"As the Internet of Things (IoT) continues to expand over the next five years, the effects on multichannel retailers will be more disruptive than anything seen to date and will require advanced analytics capabilities to cope with this disruption,” says Robert Hetu, research director at Gartner, and author of the report Retailers Find Success Using Self-Service and Advanced Analytics.
The report says retailers should look to invest in advanced analytics providers that specialise in retail solutions.
In a world where customers are no longer humans, but "things" that band together with other things to negotiate prices, the retailer must reconsider its role, the report states.
This is an evolutionary step similar to the disruption of digital media that impacted retailing of books, music and video, creating a myriad of opportunities for disintermediation from the likes of Amazon and Netflix, while eliminating traditional market leaders such as Borders and Blockbuster.
Retailers without advanced analytic capabilities may be toppled by their inability to capitalise on IoT-driven revenue opportunities, notes Hetu.
For example, a customer's refrigerator that can sense the need to replace its water filter is an example of the retailer's need to compete and the associated need for advanced analytics.Read more: When the IoT meets your IT department…
"While today the retailer may feel confident in that customer's repeat purchase — perhaps because the customer acquired the appliance from the store or is comfortable locating the filter in the physical store — the refrigerator, seeking the replacement on its own, has neither loyalty to the retailer nor concern about finding the item," Hetu explains.
In a world where customers are no longer humans, but 'things' that band together with other things to negotiate prices, the retailer must reconsider its role.
"As a result, the "thing" (in this case the refrigerator) will seek the best combination of price and availability. This change will require the retailer to evaluate the potential transaction in an instant and determine a course of action to save the sale or allow it to pass to others."
New tools of the trade
Gartner defines advanced analytics as the analysis of all kinds of data using sophisticated quantitative methods to produce insights that traditional approaches to business intelligence (BI) — such as query and reporting — are unlikely to discover.Read more: Vocus acquires Amcom for $780 million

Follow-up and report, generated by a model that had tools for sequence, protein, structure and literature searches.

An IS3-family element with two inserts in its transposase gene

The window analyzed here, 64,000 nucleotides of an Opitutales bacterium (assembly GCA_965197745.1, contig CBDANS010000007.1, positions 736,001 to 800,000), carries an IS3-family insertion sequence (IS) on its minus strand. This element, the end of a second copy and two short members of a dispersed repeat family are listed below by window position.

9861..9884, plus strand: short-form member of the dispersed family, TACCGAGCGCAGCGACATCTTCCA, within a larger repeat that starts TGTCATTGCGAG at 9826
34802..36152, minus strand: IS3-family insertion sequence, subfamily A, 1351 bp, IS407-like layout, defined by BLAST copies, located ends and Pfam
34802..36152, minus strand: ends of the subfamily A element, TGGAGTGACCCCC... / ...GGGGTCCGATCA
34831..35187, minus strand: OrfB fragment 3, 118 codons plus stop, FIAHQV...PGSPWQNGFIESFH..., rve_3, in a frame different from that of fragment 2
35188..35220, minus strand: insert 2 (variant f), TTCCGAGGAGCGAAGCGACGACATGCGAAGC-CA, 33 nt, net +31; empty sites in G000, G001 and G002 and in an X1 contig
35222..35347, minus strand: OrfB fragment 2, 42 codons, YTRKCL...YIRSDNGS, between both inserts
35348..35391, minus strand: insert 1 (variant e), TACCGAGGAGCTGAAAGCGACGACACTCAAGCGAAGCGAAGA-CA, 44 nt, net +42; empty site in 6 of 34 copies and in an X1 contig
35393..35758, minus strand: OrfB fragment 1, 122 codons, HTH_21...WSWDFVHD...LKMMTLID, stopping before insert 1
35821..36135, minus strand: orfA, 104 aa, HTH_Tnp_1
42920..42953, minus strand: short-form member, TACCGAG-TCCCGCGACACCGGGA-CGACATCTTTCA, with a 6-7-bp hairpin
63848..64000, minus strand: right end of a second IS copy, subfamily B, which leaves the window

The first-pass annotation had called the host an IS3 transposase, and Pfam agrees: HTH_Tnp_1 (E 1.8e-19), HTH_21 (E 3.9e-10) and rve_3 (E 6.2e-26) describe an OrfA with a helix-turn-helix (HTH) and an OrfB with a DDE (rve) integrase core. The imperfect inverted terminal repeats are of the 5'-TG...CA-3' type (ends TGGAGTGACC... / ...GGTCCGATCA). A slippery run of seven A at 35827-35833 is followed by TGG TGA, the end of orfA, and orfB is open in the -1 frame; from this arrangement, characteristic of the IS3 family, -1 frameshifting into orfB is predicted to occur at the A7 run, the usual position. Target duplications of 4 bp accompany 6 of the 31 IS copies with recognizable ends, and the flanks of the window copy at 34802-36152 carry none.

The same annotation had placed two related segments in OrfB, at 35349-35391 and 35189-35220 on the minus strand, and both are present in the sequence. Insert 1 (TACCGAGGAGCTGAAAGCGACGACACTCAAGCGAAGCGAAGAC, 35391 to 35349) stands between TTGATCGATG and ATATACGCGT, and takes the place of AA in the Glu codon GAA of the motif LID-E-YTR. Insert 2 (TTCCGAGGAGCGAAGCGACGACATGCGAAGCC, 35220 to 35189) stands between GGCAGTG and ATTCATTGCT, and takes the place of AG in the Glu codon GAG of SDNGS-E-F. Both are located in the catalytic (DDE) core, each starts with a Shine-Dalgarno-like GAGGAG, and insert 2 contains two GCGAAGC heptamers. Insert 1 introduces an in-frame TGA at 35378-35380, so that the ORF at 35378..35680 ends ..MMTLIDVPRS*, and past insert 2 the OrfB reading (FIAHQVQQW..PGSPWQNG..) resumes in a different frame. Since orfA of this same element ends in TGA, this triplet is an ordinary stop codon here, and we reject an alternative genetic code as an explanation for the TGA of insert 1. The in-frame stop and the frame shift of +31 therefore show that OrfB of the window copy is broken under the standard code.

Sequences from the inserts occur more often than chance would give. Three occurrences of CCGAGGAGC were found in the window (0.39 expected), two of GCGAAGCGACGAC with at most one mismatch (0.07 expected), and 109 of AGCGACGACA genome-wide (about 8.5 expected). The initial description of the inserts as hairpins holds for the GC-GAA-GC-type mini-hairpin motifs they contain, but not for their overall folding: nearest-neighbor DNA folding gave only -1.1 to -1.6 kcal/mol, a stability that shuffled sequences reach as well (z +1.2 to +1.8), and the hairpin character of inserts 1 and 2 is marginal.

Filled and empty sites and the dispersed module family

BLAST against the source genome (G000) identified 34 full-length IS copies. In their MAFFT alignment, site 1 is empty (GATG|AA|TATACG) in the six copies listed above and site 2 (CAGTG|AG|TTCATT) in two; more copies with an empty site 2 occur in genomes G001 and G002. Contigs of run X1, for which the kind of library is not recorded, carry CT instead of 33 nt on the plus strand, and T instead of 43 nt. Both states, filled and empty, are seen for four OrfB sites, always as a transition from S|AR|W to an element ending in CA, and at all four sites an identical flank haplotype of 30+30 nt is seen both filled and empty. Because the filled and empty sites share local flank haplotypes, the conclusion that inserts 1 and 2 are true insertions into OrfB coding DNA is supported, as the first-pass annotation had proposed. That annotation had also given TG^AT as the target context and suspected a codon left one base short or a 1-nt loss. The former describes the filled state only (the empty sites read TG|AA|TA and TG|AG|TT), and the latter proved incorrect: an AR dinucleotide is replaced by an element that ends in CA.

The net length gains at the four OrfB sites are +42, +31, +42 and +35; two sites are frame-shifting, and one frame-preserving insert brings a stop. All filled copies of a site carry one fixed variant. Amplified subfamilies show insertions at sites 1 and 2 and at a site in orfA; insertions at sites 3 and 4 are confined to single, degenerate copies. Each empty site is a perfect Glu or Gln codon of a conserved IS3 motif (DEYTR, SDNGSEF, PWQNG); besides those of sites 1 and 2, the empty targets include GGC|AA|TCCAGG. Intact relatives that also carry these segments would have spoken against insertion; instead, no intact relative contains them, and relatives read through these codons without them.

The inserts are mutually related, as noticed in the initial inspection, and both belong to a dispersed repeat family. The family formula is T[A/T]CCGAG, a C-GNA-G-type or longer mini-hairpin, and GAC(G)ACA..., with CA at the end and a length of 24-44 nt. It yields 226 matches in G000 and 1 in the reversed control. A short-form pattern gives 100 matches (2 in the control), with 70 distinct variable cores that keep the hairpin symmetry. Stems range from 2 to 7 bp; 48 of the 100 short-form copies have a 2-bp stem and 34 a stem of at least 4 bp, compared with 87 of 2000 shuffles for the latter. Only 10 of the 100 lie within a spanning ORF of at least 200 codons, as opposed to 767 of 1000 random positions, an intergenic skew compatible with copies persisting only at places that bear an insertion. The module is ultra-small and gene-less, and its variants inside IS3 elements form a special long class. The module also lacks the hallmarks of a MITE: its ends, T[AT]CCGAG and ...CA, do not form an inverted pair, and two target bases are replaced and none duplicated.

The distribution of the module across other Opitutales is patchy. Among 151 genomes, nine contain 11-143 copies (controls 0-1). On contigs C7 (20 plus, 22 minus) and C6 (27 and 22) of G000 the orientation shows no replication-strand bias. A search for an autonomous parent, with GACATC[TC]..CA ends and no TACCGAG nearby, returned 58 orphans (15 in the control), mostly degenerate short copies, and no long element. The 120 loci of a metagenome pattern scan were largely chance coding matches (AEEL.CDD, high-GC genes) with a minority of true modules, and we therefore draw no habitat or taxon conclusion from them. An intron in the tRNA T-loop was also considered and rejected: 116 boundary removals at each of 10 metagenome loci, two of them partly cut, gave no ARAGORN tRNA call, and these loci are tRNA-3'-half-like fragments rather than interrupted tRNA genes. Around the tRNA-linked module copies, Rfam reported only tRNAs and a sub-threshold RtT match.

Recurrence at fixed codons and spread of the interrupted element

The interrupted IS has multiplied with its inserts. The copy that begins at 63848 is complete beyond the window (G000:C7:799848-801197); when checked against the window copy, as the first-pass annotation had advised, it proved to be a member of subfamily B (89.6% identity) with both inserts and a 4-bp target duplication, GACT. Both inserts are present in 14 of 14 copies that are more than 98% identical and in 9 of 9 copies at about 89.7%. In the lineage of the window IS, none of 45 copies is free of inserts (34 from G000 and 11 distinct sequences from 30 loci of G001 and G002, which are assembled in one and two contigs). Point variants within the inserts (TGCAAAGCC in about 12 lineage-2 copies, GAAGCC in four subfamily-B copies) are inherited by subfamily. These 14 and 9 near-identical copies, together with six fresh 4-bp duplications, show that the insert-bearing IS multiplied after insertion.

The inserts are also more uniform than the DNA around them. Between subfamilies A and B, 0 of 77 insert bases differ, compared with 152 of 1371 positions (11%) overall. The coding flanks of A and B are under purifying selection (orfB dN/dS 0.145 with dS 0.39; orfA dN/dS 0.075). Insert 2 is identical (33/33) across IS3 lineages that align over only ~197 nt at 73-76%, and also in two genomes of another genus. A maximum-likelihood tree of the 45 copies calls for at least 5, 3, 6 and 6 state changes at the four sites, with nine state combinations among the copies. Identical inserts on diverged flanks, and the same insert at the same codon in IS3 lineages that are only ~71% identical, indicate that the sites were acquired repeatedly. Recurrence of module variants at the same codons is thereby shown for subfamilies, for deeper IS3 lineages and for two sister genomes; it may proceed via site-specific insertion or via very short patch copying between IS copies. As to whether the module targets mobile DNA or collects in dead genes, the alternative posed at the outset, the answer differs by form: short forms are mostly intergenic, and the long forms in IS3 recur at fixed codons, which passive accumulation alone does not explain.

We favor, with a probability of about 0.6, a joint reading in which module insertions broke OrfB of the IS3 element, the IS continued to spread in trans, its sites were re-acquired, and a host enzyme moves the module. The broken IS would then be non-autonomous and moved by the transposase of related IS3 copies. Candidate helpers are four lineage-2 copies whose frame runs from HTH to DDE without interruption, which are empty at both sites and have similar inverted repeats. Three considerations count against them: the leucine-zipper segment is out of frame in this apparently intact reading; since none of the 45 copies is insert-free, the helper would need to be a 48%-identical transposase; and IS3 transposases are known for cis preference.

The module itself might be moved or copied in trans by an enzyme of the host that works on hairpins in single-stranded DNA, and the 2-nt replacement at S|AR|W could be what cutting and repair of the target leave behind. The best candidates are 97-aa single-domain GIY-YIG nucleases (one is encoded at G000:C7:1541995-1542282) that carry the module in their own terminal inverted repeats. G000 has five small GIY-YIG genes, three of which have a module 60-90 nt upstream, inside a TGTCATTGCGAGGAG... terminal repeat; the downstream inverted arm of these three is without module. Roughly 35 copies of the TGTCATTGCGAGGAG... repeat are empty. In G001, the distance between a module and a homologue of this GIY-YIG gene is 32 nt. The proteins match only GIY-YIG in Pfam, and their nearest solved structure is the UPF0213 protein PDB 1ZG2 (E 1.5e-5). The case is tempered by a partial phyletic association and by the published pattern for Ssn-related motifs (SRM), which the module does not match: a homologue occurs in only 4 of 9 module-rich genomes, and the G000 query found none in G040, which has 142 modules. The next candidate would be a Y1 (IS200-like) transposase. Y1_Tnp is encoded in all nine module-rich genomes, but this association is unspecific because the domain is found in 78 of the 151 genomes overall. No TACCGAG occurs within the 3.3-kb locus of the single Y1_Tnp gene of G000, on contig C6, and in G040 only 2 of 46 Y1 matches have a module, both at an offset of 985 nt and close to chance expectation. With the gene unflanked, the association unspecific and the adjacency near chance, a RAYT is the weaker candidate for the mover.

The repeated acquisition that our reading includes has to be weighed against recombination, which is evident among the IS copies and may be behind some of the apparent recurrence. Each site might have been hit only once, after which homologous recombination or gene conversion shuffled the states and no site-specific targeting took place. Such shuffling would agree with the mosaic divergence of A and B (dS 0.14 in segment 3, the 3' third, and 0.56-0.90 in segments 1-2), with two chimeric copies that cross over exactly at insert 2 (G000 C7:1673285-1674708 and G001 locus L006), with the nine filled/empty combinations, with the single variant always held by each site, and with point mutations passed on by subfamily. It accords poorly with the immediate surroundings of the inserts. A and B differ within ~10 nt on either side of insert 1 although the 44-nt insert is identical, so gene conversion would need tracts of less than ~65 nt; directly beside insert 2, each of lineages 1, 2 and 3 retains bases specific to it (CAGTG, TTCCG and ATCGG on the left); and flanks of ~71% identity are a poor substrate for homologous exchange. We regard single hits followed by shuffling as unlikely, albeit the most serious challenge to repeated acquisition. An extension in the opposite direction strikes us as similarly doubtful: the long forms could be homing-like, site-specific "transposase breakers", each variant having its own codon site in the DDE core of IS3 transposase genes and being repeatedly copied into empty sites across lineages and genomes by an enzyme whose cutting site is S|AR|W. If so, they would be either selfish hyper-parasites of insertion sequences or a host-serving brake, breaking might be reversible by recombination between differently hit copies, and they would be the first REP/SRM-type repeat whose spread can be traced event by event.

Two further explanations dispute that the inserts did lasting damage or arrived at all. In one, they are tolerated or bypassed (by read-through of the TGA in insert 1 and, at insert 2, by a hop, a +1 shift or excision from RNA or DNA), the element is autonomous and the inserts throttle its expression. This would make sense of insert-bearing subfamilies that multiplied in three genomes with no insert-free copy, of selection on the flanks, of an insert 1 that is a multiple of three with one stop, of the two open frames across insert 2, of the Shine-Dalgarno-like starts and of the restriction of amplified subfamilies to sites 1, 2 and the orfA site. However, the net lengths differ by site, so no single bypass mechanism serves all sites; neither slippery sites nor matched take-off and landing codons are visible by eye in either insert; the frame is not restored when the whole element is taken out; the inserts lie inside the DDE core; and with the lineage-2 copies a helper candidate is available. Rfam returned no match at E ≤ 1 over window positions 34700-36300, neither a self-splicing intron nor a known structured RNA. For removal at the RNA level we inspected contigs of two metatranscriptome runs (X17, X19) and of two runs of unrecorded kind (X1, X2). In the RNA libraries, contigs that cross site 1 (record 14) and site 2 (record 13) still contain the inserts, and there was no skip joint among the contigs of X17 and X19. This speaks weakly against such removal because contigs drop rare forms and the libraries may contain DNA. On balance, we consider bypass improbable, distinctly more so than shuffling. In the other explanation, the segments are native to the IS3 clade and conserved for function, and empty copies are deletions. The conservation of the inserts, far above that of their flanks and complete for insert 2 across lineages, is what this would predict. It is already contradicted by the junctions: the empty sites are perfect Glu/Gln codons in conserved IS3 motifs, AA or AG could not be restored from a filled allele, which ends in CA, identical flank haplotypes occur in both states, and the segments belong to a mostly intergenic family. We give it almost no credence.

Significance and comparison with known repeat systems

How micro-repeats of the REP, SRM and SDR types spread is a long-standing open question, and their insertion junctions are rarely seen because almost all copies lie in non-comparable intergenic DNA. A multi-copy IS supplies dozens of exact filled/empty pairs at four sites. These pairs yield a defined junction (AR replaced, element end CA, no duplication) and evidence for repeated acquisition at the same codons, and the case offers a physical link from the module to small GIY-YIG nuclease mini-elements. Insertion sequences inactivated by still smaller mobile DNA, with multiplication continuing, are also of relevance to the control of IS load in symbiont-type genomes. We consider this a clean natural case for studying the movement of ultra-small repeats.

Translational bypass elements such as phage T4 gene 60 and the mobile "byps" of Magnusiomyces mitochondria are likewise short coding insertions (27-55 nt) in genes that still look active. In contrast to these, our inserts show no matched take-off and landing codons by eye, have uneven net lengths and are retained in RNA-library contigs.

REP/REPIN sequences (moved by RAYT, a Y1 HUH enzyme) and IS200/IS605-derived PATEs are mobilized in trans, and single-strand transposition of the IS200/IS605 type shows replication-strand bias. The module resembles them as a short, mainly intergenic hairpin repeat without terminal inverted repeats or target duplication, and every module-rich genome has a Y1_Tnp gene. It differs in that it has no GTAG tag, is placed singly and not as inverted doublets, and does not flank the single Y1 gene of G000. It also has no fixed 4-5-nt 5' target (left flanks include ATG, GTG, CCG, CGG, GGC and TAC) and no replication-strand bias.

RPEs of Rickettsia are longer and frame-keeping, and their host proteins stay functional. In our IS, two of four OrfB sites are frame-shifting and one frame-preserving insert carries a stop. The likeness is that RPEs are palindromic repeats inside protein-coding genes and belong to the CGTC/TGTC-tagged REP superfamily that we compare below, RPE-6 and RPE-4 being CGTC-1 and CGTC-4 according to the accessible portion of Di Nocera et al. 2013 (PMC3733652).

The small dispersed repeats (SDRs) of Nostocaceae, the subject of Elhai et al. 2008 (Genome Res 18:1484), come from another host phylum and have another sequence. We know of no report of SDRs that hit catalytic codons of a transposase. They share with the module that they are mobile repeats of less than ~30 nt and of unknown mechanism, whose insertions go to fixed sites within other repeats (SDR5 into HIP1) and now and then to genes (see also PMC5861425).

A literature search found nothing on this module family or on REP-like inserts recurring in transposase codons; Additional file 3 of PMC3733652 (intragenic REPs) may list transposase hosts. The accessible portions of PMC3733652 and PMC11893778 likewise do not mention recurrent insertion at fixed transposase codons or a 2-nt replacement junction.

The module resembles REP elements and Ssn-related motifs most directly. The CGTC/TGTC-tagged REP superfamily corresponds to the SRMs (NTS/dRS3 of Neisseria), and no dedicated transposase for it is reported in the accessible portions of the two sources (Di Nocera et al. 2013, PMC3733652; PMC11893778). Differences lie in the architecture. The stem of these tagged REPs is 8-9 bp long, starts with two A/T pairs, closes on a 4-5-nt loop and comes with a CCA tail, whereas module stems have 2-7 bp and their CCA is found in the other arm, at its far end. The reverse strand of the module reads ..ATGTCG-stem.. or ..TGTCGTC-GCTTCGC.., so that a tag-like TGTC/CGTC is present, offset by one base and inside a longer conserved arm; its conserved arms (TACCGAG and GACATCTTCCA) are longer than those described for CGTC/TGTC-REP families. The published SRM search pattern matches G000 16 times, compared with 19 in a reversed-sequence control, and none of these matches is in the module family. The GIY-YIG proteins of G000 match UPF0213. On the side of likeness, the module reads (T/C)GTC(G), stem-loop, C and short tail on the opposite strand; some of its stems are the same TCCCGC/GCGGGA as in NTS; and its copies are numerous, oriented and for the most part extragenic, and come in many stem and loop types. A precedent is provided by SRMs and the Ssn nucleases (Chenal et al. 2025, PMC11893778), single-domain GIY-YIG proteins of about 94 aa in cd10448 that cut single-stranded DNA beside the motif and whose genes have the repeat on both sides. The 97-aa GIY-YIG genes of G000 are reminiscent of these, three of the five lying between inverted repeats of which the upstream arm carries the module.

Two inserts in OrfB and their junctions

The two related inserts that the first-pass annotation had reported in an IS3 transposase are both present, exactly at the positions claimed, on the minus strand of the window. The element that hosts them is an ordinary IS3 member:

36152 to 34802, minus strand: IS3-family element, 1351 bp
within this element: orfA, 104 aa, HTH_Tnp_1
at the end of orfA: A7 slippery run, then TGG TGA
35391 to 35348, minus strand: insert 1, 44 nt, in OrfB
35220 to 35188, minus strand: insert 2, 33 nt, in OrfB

These advanced analytics tools enable deeper insights and discovery that will challenge business assumptions. They also put information in the hands of business analysts and business users and offer significant potential to create business value and competitive advantage.
The impact of digital business and the IoT will require advanced analytics to support real-time decision making to take advantage of momentary business opportunities. These opportunities will demand a different approach to marketing, merchandising, pricing, distribution, store operations and every other internal process.
Ultimately, the retailer will need to be able to decide in a split second if an opportunity is potentially desirable or should be passed up in favour of the next momentary opportunity. Success will require retailers to use a combination of knowledge, innovation, speed and strategy to maintain and grow market share in the digital economy.
Gartner believes the need to improve real-time business decision-making will force retailers to acquire self-service and big data discovery capabilities. With big data discovery, the entry bar to explore big data sources will be lower. Analysis will be delivered at a lower cost and faster, by a broader and less-skilled set of users, ready for consumption by a broader audience.Read more: Tour de France provides platform for big data analytics
"Big data discovery tools put information in the hands of business analysts and business users to enable better decision making. Since these analysts and users are less skilled than their counterparts in traditional BI roles, they will only handle less complicated problems, which will take them less time to fail or succeed," says Hetu.
"They are also closer to the business complexities, making it easier to establish interactive analytic processes that will speed up results. This will allow big data sources to be explored more often, feeding valuable information into the business and yielding faster results."
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